#249. The Band Wagon (1953)

It’s been a while since Fred Astaire popped up on the List and so, being my typical myopic self who jumps to conclusions, I just assumed that he’d fallen outta favor with the studios or something. That he’d aged out of his prime and wasn’t getting roles anymore. But he was 54 at the time of The Band Wagon and he seems to be as athletic and graceful as ever. Seeing him look so much older than when I last saw him on the List, with the one-two punch of Swing Time and Top Hat back in the 1930s (neither of which, in memory, can I parse from the other), was a bit jarring  (similar to, but more pleasant than, seeing the decrepit Gary Cooper turn up again in High Noon) but also refreshing.

Probably the movie’s most famous image. An unsettling little number with three adults performing as triplets.

Mike Stoklasa, Jay Bauman, and Rich Evans – the main personalities in the production company Red Letter Media – have made a catchy joke on their YouTube channel about how Star Wars fans are kinda programmed to clap during screenings and to go nuts simply because something is familiar. They see the Millennium Falcon, for instance, and start applauding wildly and screaming, “I know that! I remember that!” They’re not really celebrating the film, it’s just nostalgia.

And that’s how I kinda felt when I flipped on the movie – about which I knew nothing – and saw an older, still-lithe, slightly jaded-looking Fred Astaire in the opening. I’m at this point with the List where, having written all of the titles in a separate document, I don’t really crack the book that often to have an idea of what I’m getting into before I turn the movie on. I had no idea this was a musical. And since it’s been over a year since I’ve seen him on the List, it was a blast from the past. I felt weirdly tender about him already. Remembered watching his Ginger Rogers musicals late at night, with my ankles swollen and a burrito in my lap, fresh from a twelve-hour shift at Cheesecake Factory.

Interesting to see where Michael Jackson got the idea.

Astair, like his character, looks a bit world-wearied. He carries himself well, he’s graceful and fun and moves like a younger man, but there’s something on his face that looks like an understanding of how a person’s career rises and falls. Roger Ebert mentions in his review of Band Wagon that there’s something inherently sad about stories of the stage. That immediately after the run of this production for which every performer has worked themselves to a bloody pulp, everybody goes their separate ways, and lots of them peak at a young age and spend the rest of their lives picking up small roles if, indeed, they can get any roles at all.

            The last musicals I saw on the List were vehicles for Gene Kelly: On the Town, An American in Paris, and Singin in the Rain. In reading up on Kelly I saw that people often compared him to Fred Astaire, named Kelly the rightful successor when in fact they seemed more like…contemporaries, alternatives (Gene Kelly masculine and playful while Astaire was flamboyant and dapper), and so I was wondering, here, if Astaire had maybe participated in this massive production as a kind of response to Gene Kelly’s recent and hugely successful works. Like he was trying to flaunt that he still had it in him, was yet to be replaced by the younger generation.

Gene Kelly being the only thing he knows how to be: extra.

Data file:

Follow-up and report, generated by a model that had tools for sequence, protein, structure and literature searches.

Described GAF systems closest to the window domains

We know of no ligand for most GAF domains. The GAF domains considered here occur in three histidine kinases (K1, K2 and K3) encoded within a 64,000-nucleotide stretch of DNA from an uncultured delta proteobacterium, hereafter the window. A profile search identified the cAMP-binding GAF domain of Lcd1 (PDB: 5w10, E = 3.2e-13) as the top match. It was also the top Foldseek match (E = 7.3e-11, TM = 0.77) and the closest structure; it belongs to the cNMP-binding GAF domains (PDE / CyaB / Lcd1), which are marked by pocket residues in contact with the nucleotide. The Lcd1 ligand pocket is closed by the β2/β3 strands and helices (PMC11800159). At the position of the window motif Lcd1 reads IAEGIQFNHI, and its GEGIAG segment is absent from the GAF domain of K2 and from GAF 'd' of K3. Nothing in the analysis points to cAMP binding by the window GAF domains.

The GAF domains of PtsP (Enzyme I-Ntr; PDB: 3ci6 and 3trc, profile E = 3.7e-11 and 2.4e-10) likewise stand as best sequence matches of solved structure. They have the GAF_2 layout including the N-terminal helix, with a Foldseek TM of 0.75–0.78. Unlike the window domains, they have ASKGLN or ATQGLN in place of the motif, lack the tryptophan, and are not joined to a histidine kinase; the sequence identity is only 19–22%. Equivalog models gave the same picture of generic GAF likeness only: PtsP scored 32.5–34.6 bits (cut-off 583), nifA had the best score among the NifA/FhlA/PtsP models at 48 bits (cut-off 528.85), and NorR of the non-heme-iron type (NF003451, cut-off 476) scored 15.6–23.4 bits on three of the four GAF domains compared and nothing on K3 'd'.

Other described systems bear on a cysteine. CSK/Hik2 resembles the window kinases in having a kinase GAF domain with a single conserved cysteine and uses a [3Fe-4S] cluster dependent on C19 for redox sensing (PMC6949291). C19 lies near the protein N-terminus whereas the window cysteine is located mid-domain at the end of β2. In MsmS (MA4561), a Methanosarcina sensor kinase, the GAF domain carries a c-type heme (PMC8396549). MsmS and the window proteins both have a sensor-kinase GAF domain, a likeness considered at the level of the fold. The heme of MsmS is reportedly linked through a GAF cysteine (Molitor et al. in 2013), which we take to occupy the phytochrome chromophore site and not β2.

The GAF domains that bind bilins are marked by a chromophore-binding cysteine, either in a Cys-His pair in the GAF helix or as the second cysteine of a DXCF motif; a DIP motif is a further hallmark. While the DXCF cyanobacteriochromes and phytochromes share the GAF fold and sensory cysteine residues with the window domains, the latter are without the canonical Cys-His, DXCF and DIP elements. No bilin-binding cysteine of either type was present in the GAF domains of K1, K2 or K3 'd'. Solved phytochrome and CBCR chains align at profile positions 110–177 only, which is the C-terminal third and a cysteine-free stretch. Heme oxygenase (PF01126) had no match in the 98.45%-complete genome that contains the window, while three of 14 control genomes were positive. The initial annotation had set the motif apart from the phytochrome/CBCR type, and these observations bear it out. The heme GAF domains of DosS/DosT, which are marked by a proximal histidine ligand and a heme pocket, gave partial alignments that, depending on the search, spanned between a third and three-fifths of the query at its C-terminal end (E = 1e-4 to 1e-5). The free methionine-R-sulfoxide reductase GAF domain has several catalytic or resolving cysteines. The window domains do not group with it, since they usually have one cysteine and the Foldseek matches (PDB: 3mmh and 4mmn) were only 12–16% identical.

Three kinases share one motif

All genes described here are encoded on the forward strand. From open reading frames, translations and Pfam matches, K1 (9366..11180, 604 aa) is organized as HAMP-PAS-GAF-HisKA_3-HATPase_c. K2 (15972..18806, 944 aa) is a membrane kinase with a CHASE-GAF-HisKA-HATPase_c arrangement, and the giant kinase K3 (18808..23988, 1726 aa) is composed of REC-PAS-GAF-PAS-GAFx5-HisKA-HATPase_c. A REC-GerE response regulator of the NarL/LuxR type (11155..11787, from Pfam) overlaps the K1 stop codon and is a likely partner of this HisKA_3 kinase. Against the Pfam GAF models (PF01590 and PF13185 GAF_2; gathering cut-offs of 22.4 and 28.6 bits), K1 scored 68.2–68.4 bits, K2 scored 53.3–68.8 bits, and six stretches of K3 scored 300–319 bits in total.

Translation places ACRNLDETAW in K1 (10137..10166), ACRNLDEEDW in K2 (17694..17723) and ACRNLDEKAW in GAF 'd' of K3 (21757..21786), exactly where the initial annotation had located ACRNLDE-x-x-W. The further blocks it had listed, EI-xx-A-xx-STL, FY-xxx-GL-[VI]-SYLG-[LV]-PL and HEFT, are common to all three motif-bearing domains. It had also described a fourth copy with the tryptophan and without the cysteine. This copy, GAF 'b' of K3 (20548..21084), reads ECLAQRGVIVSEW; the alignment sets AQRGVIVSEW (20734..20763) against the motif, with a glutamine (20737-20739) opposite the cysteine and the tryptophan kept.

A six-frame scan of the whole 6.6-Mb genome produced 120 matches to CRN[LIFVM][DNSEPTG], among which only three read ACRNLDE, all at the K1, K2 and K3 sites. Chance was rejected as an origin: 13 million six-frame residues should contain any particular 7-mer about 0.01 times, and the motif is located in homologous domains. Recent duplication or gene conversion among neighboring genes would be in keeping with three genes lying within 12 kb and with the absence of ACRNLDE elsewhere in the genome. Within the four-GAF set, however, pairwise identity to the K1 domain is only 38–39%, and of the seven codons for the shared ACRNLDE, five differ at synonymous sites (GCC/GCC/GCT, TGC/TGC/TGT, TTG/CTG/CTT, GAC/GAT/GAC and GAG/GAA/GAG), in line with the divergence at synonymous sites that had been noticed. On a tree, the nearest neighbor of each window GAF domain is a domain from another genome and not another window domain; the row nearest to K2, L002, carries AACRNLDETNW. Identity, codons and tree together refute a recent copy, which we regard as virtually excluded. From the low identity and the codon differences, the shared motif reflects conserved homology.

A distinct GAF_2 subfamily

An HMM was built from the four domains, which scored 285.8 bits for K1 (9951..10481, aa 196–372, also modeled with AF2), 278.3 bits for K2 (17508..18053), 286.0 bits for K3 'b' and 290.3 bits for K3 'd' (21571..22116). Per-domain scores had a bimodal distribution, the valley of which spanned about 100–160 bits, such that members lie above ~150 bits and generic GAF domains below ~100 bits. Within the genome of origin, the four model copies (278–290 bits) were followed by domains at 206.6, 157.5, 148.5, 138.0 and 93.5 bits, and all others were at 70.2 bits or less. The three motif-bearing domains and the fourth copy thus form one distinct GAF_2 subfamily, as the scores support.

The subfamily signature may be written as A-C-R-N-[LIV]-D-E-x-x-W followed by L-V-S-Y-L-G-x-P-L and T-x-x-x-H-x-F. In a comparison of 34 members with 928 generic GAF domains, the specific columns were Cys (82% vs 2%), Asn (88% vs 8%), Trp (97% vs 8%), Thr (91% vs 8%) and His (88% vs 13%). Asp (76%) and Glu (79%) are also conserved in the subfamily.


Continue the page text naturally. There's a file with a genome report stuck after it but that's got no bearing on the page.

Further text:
I haven’t read anything to corroborate that interpretation, but that’s not to say it wasn’t on Astaire’s mind. And, thinking about one performer in relation to the other, I definitely enjoy Fred Astaire’s work more than Gene Kelly’s. One of the most famous songs in Band Wagon, which is about a group of older stage masters putting on a massive production of like a modern Faust, is called “That’s Entertainment” and it features all these seasoned pros talking about how every kind of story, high- and lowbrow, is a form of entertainment.

It might be a fight like you see on the screen

A swain getting slain for the lot of a queen

Some great Shakespearean scene

Where a ghost and a prince meet

And everyone ends in mincemeats

The gag may be waving the flag

That began with a mystical hand

Hip hooray, the American way

The world is a stage,

The stage is a world of entertainment!

            I love the philosophy behind that.

            I see what Ebert’s saying about the inherent sadness to these movies, if you’ve got some perspective about where the characters are going afterward (I’ve been thinking since Ninotchka that romantic comedies are sad when they stop just shy of the nuptials because, kinda like the final shot of Rocky, it’s the highpoint of their joy; everything is downhill from this frame) but this movie really lifted me up. I mentioned in the last essay, about Pickup on South Street, that this was the concluding title in a triple-feature I watched with my little cousin Devon. Started with Bergman, went on to Sam Fuller with noir-ish intrigue, and concluded in something light and dapper. I’m a little bristly, to be honest, about the two-hour runtime; kinda like comedies, I have this blanket impression that musicals should only be about 90 minutes (if that) and that exceptison to the rule really oughta be exceptional.

            But the runtime also leads me to think that Band Wagon is a response to the uninhibited artsy sprawl of An American in Paris and Singin in the Rain. I’m sure there’ve been manifestations earlier in the List of major film artists rivaling one another, matching each other’s achievements year by year. This is the first one that’s really standing out to me, though, and it might be an imaginary rivalry (maybe it’s just that Kelly inspired Astaire to try this out) but, either way, I like thinking about it.


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